Burret would never forget the chill which ran up his spine as he recognized the look of absolute determination on Paoli’s face.
“If that happens, I will destroy this facility and everyone and everything in it!”
The alphanauts sat in stony silence while everyone else nodded in grim acquiescence. No one doubted the threat was real, that the director had the codes which could blow the complex into the lunar vacuum. It was a situation resented by the alphanauts, who were the only ones not here by choice. The others, all volunteers, had been thoroughly briefed when they signed on.
Yet despite the Damoclean sword over their heads, it was not such a bad life. There was work to do, especially with the samples and reams of data brought back from Alpha Five. Their place of exile was luxurious beyond belief, with every imagined creature comfort including a swimming pool and a well-equipped gymnasium. The small holo-theater frequently showed the latest entertainment offerings from Earth, and by the end of the first year there was a thriving repertory company. Yet every time the robo-shuttle arrived with fresh supplies, there was fierce, even acrimonious competition for the privilege of being part of the four-man unloading crew.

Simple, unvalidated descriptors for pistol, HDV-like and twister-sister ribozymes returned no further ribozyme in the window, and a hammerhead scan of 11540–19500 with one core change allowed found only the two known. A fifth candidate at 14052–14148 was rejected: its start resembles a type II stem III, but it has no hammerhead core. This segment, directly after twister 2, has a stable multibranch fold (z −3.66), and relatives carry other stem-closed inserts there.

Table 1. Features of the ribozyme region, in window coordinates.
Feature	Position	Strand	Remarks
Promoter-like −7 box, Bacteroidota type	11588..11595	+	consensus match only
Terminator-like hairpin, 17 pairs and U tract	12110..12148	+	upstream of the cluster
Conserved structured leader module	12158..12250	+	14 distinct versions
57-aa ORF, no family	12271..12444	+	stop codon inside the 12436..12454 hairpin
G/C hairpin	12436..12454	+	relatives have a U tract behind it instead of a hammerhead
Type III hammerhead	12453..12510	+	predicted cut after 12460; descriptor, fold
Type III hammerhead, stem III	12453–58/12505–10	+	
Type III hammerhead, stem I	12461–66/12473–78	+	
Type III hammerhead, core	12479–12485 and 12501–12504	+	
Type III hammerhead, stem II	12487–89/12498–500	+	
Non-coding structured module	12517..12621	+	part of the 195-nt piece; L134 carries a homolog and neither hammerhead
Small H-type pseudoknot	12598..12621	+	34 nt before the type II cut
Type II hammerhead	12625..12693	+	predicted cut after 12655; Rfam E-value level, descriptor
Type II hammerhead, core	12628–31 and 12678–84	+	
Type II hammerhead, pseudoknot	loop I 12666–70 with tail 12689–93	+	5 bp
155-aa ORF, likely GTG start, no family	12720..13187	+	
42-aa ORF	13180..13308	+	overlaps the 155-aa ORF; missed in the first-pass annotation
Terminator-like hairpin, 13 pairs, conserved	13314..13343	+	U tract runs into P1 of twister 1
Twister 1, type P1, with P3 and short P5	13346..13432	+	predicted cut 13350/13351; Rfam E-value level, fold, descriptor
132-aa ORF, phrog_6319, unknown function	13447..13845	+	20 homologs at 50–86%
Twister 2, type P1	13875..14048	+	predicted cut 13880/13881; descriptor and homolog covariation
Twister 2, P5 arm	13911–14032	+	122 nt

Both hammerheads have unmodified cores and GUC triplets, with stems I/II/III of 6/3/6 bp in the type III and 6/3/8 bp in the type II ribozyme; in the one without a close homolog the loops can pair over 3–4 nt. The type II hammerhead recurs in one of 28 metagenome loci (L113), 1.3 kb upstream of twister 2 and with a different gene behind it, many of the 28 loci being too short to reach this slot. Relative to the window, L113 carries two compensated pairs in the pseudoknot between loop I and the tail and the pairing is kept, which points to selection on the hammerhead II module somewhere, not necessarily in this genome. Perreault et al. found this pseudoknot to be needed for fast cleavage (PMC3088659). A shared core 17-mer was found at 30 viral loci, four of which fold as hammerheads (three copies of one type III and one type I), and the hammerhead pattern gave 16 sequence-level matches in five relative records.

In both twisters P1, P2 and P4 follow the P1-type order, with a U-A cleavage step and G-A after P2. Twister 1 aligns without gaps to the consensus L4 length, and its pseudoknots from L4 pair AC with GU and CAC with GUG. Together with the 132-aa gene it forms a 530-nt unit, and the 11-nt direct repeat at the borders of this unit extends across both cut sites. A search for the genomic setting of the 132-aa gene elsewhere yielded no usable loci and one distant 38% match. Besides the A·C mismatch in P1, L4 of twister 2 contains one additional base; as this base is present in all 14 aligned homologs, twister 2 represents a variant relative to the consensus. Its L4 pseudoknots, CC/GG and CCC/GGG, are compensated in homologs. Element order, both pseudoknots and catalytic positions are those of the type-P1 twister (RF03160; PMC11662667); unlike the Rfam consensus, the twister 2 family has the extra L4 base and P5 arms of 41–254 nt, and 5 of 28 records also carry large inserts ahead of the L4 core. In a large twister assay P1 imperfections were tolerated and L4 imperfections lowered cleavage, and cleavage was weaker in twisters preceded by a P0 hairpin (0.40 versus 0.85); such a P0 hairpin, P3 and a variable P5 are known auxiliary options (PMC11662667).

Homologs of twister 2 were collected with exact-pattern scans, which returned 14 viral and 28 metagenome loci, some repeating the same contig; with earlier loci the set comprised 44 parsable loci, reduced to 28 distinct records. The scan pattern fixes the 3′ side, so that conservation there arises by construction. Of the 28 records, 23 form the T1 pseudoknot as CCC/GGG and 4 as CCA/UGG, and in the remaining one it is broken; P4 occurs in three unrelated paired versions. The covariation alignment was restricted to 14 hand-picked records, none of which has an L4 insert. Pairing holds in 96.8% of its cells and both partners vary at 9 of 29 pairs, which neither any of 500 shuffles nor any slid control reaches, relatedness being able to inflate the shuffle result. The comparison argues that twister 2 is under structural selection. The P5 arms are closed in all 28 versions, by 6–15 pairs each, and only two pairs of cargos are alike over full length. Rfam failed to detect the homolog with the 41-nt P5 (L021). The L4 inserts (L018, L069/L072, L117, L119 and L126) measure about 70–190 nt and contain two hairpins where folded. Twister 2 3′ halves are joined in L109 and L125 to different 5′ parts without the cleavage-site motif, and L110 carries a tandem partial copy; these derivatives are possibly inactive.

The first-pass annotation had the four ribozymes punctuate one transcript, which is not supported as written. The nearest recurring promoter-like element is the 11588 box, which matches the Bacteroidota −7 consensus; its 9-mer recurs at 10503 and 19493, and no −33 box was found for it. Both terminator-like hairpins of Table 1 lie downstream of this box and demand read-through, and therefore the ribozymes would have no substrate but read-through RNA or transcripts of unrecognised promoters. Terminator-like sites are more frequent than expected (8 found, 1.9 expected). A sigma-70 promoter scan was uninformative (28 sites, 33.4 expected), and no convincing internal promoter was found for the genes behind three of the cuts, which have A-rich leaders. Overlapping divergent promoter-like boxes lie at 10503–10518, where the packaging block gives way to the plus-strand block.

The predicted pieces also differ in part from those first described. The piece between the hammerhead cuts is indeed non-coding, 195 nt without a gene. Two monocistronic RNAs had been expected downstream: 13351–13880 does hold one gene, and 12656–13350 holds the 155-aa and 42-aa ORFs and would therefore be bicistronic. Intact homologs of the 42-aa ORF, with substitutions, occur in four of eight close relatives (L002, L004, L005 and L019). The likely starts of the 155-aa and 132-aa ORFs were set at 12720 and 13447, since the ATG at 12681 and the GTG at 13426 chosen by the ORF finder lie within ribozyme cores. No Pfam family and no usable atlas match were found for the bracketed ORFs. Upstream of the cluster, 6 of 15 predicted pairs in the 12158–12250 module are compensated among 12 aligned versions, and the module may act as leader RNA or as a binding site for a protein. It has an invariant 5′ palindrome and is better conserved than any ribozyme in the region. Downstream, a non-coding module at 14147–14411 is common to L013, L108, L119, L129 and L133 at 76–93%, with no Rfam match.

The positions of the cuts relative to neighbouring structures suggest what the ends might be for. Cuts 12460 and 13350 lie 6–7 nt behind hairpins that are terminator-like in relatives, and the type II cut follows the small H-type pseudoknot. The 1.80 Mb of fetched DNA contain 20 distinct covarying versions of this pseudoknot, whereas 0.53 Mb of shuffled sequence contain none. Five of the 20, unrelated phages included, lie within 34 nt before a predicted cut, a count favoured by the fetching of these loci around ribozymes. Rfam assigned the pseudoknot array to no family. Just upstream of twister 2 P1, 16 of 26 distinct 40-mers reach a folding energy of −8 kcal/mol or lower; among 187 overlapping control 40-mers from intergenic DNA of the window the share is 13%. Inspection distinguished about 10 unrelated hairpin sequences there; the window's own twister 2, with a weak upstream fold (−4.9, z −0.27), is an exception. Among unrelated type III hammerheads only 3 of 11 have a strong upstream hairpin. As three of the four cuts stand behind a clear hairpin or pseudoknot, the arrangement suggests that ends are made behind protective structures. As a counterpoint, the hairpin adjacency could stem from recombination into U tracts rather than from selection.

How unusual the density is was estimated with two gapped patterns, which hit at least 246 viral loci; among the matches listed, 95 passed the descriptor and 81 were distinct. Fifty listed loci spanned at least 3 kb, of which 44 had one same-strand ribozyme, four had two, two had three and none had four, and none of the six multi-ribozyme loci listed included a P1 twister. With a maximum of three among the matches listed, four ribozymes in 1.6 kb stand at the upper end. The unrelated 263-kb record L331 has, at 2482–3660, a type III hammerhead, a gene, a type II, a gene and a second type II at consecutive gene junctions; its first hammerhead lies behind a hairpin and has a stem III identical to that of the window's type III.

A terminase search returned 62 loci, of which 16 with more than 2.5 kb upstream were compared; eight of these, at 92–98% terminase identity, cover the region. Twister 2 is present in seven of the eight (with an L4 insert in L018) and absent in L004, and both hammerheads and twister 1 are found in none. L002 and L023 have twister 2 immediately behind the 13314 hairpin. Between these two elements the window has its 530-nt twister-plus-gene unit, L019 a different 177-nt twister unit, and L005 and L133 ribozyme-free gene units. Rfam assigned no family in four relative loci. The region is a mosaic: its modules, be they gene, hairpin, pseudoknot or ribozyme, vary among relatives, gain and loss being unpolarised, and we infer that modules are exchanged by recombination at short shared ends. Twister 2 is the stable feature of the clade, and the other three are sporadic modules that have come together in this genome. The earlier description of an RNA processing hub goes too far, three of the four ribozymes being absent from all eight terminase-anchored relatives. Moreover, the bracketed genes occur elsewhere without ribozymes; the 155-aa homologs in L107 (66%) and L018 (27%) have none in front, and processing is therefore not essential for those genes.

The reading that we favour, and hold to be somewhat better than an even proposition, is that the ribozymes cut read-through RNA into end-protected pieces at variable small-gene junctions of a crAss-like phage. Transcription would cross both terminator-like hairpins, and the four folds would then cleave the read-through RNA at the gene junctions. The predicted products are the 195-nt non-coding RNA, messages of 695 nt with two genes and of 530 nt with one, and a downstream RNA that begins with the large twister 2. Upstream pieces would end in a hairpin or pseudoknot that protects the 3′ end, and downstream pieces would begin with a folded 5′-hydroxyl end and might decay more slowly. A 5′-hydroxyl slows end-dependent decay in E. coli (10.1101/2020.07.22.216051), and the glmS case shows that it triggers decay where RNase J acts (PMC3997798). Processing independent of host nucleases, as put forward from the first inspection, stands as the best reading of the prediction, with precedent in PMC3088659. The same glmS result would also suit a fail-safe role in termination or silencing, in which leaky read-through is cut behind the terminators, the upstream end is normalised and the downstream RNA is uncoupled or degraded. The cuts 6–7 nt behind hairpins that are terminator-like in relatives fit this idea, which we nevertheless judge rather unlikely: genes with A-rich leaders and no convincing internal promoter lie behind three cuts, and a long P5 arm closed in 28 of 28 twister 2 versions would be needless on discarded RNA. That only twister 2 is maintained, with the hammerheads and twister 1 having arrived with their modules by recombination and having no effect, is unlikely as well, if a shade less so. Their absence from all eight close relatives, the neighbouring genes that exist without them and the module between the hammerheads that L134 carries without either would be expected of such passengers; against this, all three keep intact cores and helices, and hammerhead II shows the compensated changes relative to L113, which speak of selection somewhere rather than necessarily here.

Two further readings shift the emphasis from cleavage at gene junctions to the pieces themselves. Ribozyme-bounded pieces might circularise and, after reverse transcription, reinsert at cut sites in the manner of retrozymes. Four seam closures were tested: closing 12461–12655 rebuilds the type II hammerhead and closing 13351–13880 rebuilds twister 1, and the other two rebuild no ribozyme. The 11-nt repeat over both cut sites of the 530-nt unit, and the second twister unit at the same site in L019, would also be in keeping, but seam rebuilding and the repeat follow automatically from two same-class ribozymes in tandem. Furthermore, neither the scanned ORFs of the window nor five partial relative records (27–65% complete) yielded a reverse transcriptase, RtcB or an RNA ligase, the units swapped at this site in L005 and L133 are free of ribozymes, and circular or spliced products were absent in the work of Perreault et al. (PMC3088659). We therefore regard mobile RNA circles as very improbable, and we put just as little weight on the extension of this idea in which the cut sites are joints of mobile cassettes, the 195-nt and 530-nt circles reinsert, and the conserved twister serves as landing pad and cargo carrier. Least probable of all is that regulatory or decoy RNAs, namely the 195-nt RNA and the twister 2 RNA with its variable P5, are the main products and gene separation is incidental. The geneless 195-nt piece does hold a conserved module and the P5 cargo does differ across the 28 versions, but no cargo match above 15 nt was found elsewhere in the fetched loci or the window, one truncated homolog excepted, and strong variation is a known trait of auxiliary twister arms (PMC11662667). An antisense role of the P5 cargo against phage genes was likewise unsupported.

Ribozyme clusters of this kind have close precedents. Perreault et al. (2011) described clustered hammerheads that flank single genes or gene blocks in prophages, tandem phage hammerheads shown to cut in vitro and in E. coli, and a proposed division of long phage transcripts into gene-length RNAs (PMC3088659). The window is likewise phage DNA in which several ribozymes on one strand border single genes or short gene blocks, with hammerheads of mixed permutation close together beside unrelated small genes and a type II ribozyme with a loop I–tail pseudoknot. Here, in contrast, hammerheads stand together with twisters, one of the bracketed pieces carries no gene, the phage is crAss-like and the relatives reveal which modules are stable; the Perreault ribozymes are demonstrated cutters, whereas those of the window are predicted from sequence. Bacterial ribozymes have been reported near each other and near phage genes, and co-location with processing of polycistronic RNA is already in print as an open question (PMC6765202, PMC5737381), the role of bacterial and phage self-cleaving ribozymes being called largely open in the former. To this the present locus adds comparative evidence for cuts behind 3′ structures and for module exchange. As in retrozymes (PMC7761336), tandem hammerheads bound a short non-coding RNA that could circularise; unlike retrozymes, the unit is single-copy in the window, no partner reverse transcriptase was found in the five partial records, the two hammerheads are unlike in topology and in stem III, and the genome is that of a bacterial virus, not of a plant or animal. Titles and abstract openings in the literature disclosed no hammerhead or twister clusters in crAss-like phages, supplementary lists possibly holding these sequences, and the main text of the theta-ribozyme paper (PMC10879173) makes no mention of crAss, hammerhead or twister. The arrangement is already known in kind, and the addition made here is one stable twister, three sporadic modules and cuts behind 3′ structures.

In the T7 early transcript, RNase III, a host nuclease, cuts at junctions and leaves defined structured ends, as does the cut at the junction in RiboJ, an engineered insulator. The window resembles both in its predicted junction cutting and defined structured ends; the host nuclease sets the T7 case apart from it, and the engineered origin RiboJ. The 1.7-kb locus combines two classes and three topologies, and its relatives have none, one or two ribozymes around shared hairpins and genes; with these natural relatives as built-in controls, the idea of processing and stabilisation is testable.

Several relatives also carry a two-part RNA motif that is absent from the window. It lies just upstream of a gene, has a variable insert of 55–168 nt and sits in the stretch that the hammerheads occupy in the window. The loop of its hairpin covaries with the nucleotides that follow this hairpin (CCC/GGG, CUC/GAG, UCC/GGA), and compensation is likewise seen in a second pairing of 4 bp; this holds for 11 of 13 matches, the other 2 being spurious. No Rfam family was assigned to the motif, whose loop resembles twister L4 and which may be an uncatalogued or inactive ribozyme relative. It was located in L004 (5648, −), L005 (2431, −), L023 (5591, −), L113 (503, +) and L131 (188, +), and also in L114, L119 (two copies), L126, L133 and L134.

As far as other needs were concerned, it was fortunate UNSAA’s funding was no longer subject to the political whims of the United Nations House of Assembly. The cabal of religious fundamentalists who dominated the Assembly for so long, threatening financial termination if all-male crews were not used on the interstellar projects, had finally succumbed before the onslaught of twenty-second century pragmatism. Which was why — and during his retrospective moments Burret put aside his innate agnosticism to thank God for it — twenty of the thirty-four assigned to Eratosthenes were women. A few couples were already married when they arrived, and within six months several more signed contracts. Although none of the alphanauts entered similar commitments, only the monkish Howard Scheckart chose to remain celibate.
As Burret closed the bag and pressed an identification label to its side, he wondered if he would see much of Joan after they returned home, if he had made a mistake when he told her he would consider nothing permanent until he was adjusted to Earthside. He suspected her feelings for him were stronger than she admitted, although that could be mere conceit on his part. He did know Joan’s pride would never accept the implication: You’ll do if no one else turns up.